Planning on spending some time in the great outdoors this summer? High five (and remember to bring the natural mosquito spray!). But while you’re at it, don’t forget that some critters were there first, and it’s up to you to look out for the safety of the local wildlife and yourself. While Smokey the Bear wants you to prevent wildfires, you also need to be alert to the risks human-bear interactions pose. They can end badly for you and for bears, and that’s not a fun way to end a camping trip.
Black and brown bears are found in many wilderness areas throughout the US — in fact, you may be hoping to spot some on your trip. These animals are naturally very curious, but they’re also hungry as they are storing up food for the winter. Furthermore, some bears may be feeling protective because they’re dealing with cubs. That’s a bad mix, and you don’t want to get caught in the middle. It’s important to keep your distance from bears and instead appreciate them via a camera with a telephoto lens.
Here are some small tips on how to stay safe in bear country this summer:
1. Be alert to your surroundings
People are often attacked while hiking by a bear who is startled, so make lots of noise — thump your walking sticks, talk, sing, and give local wildlife plenty of notice that you’re coming ’round the mountain. If you see prey, a carcass, or cubs, get out of the area quickly, because a bear may perceive you as a threat.
Scratch marks, scat, rocks or logs that have been rolled over, and of course bear tracks are all signs that a bear lives in the area. You might choose a different trail for safety — and if you decide to keep going, make sure to stay watchful.
2. Don‘t hike or camp off-trail
Bears get it. They see the areas that humans have established, but they consider the rest of the woods their own. If you go off-trail, you may end up near a den or in another sensitive area.
3. Leave the smells at home
Bears have an extremely sensitive sense of smell. Use scentless personal care products, and pack dry foods that don’t have a strong odor. Vegetarian snacks and meals are a great idea.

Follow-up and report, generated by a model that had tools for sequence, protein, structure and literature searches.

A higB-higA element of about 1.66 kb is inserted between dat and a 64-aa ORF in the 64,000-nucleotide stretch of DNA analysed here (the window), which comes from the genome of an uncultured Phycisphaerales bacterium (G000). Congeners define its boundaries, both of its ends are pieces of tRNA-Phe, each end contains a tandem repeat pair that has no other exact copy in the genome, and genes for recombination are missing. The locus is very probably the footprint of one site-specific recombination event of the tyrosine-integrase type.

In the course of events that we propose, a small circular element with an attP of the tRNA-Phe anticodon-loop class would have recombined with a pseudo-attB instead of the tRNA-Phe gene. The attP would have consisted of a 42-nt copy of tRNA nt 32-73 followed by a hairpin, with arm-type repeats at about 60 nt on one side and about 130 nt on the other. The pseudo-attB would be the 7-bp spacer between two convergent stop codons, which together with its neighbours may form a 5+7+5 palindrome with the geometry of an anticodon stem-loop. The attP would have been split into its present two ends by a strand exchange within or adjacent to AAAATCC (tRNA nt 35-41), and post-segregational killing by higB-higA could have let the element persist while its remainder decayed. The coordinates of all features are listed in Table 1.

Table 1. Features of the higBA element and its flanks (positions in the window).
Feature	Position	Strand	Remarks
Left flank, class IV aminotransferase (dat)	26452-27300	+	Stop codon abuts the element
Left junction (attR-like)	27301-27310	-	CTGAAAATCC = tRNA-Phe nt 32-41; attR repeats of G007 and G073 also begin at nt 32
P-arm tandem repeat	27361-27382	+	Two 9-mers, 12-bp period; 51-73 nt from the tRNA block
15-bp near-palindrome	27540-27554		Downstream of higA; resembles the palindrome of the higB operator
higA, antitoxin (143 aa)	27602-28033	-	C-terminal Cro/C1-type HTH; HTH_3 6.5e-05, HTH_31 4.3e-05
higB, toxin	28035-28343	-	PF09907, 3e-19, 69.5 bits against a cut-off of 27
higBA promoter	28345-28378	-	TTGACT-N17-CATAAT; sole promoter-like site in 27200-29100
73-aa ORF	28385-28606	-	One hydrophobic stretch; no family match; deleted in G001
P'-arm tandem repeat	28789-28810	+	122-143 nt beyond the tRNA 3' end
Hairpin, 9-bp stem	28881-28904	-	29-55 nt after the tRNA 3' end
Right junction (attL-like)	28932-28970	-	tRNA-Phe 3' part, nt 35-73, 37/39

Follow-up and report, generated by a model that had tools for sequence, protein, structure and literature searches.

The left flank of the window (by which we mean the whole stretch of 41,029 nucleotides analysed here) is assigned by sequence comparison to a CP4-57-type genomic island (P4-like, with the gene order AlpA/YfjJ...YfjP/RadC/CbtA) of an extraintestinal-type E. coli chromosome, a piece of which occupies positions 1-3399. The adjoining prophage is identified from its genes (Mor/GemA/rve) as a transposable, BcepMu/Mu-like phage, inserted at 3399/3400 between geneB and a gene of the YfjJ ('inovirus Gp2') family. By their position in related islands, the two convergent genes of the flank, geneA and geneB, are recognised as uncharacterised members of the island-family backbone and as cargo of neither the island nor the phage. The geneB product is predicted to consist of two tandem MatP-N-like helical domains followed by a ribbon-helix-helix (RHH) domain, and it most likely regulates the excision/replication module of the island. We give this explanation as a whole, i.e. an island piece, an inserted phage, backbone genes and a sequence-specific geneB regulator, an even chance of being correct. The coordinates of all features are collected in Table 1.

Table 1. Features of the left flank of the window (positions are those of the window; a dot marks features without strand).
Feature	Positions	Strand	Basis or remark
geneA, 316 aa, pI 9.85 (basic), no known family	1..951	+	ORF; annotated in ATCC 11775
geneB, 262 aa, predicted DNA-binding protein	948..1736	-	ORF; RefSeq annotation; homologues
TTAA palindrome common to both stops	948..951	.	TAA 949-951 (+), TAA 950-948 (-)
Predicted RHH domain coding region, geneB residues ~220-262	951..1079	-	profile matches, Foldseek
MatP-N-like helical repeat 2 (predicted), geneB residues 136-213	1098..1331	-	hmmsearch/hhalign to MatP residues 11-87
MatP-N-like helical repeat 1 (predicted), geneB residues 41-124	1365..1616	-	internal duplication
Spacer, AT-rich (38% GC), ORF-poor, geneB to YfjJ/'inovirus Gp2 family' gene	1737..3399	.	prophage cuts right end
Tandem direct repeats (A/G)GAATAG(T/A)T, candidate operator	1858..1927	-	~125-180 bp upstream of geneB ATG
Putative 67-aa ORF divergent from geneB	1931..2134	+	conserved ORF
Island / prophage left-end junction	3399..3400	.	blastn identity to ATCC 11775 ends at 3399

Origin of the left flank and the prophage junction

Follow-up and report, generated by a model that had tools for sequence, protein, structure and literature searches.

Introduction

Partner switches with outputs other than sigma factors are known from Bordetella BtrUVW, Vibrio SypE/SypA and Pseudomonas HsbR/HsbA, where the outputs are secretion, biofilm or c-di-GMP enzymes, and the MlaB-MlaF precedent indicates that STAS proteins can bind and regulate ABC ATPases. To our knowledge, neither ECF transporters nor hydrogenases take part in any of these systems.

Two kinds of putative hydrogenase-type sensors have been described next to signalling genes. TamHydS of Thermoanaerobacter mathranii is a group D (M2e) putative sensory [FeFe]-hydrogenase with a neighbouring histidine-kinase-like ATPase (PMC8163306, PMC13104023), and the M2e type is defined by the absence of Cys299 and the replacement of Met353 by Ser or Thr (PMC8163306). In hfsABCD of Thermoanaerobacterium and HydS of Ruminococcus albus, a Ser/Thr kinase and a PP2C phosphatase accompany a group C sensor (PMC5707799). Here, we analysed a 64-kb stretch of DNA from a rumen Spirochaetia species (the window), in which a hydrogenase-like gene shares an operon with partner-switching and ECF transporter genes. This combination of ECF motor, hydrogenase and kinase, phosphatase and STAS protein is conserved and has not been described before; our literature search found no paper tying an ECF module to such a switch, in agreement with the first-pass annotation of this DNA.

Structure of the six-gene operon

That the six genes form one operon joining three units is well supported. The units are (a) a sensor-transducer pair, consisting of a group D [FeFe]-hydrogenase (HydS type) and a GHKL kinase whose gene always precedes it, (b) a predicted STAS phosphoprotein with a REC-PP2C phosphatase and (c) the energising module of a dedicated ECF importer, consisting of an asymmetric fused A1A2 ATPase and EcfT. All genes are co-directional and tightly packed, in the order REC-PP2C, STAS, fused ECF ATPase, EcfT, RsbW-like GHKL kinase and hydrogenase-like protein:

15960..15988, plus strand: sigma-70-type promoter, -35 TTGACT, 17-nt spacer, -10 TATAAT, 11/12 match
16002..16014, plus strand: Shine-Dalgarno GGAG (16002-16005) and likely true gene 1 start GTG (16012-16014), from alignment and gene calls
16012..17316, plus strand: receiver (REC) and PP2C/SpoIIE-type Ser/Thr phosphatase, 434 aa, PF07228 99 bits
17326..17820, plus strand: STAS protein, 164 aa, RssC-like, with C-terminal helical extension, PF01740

4. No pets
We know you love your cat, but she’ll be happier at home. Pets are specifically banned from many National Parks and other wilderness areas, so don’t bring them along. They could attract bears or cougars.
5. Stay together
Don’t go alone — and keep your group together. A scattered group can look like easy pickings. If you do encounter a bear, stick together, speak in low voices, and wave your arms slowly to identify yourselves as humans. The bear may run, in which case you can move off in the other direction. If the bear moves toward you, stand your ground.
6. Separate your sleeping and food areas
When you camp, set up your tent at least 100 feet away from the area you’ll use for prep work, cooking, and eating. Do not keep food in or around the tent or in your car. Instead, bag it (many companies sell bear bags) and suspend it from a tree or a pole provided for that purpose. Ideally, it should be 10-15 feet up, and at least 4 feet away from supporting branches or beams. You can also use bearproof containers, although be aware that they may be thrown or mauled by a frustrated bear.
Also, cook smart — skip strong-smelling foods, pre-plan meals and package them individually, and avoid leftovers. Don’t wear the clothes you cook in to bed, either.
7. Don‘t feed the wildlife
Whether it’s a bear, raccoon, skunk, cougar, or anything else, it’s surviving just fine on its own. Feeding wildlife isn’t good for them, and can attract them to camping areas, where the risk of a negative interaction with a human increases. Animals that have been repeatedly fed may end up being shot by Park Rangers faced with no other choice for stopping a persistently curious or obnoxious animal, and that’s a tragedy.
8. Bear spray
No, it’s not made by L’Oreal. But it can save your life in an emergency. If a bear starts poking around your tent or getting in your face, don’t run — use bear spray as a deterrent. Stay with your group and make noise, toss rocks and sticks to deter the bear, and generally try to convince it to head for greener pastures. If the bear won’t leave, retreat slowly to safety.
9. Report incidents to rangers
Don’t worry — rangers don’t go from ‘one report’ to ‘death warrant.’ But they do like to know what the local bear population is up to, and your reports can help them look out for the safety of other campers, hikers, and visitors. If necessary, rangers can also help you retrieve your belongings.
10. Pack it out
Be nice to other campers and park staff: Remove your refuse. In addition to doing your part to keep the park beautiful, you’ll also minimize the sources of food that might drawn in local bears.
Photo credit: Jitze Couperus.